Crozier was relieved of duty on Thursday after sending a March 30 letter to dozens of Pentagon leaders asking for urgent help in finding accommodations on Guam for his crew. The letter was leaked by an anonymous source to the San Francisco Chronicle. Modly said on Thursday that when Crozier sent the letter, the Navy was already helping to evacuate the carrier and that his chief of staff had personally been talking with the captain about what to do next.

Throughout the recording, sailors can be heard in the background pushing back on Modly’s remarks defending his decision to dismiss their former CO. A sailor can be heard hollering “What the fuck?” after Modly accused Crozier of being “stupid.” When Modly asserted that Crozier’s letter was demoralizing to some sailors, someone shouts: “No, we weren’t!” At another moment, a sailor can be heard yelling, “He was trying to help us!”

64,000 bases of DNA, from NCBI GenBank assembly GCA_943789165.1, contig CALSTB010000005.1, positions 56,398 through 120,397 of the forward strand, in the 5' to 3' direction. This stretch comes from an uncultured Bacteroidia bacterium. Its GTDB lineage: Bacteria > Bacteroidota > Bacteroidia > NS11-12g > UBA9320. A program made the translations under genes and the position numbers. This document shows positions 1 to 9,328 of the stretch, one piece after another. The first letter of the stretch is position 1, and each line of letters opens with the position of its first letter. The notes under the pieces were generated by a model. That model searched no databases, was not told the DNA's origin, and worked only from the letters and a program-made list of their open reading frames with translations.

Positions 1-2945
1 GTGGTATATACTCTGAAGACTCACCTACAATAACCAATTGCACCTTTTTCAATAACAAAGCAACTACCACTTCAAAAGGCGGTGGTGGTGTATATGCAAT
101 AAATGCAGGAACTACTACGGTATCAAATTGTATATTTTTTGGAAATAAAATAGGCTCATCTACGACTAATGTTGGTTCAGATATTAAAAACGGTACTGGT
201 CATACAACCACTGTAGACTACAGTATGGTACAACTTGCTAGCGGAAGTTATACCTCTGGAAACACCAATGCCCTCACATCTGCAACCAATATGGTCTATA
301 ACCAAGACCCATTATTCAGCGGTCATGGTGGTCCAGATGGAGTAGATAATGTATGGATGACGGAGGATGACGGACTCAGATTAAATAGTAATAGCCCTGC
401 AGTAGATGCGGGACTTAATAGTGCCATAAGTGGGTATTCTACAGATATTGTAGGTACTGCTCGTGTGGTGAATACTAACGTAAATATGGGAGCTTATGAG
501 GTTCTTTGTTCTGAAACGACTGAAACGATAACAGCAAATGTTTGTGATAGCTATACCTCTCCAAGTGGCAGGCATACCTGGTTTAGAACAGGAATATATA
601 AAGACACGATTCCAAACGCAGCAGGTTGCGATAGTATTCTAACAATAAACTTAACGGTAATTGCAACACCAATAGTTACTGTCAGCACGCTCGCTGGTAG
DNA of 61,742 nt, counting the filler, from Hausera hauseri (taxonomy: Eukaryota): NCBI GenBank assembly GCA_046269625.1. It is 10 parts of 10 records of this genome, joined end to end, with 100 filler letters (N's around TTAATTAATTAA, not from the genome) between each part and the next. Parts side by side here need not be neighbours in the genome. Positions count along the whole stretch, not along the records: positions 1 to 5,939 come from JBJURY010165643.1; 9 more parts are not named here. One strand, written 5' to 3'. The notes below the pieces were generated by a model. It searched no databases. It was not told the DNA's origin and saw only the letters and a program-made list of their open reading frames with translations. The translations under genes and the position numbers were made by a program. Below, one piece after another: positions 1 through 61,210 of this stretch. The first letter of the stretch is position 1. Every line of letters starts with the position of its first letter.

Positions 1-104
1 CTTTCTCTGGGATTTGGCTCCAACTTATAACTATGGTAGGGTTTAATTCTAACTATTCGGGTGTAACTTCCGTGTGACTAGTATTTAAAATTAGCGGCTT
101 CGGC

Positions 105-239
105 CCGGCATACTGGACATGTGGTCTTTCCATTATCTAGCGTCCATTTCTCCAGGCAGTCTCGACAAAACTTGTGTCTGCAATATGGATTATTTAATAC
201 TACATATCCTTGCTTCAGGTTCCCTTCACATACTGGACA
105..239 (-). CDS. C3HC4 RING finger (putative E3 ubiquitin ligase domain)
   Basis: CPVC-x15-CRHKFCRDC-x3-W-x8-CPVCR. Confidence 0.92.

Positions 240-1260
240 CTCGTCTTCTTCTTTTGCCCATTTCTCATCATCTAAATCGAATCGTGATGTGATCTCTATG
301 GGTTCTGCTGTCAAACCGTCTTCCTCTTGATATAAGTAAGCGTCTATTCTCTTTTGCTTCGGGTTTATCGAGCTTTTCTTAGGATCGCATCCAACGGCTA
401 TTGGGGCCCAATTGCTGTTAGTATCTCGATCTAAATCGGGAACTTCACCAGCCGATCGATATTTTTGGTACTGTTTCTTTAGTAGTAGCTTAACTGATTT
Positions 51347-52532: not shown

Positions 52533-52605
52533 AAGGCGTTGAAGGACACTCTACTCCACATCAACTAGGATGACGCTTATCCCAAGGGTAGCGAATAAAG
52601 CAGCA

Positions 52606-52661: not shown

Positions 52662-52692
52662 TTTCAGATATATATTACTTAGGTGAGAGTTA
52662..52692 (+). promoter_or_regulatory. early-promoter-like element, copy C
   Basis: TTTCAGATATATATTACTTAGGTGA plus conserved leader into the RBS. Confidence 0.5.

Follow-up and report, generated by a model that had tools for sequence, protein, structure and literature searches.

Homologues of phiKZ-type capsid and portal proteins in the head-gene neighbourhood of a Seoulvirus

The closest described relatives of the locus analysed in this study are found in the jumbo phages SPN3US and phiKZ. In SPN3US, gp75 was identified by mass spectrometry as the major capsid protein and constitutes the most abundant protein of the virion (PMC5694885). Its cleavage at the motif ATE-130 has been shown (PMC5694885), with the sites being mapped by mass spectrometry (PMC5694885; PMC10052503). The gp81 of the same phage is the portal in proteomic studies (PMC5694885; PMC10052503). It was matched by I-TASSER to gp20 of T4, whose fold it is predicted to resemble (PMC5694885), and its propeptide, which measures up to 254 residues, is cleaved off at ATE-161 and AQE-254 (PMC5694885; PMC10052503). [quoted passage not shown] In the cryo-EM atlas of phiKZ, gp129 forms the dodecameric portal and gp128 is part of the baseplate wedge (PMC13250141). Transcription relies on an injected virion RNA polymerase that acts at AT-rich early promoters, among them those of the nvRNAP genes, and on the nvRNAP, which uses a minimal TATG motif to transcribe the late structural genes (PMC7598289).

In 15 minutes of remarks over the ship’s PA system, Modly berated Crozier for “a betrayal of trust,” defended himself against criticism from Democratic presidential candidate Joe Biden, attacked the media as “having an agenda,” and complained about the “hate and pure evil” he has faced since firing Crozier. “There was very little upside in this decision for me,” he said.

Modly, a political appointee who has served in an acting capacity since the dismissal of former Secretary Richard Spencer, also echoed a falsehood pushed recently by President Trump. “No one expected this pandemic,” he said, despite years of warnings from the U.S. intelligence community, various administration officials, and public-health leaders.

The leaked transcript and audio threw gasoline on an already roiling controversy over Crozier’s ouster in Washington. Former defense officials and multiple Democratic and Independent lawmakers called for his resignation after the remarks became public.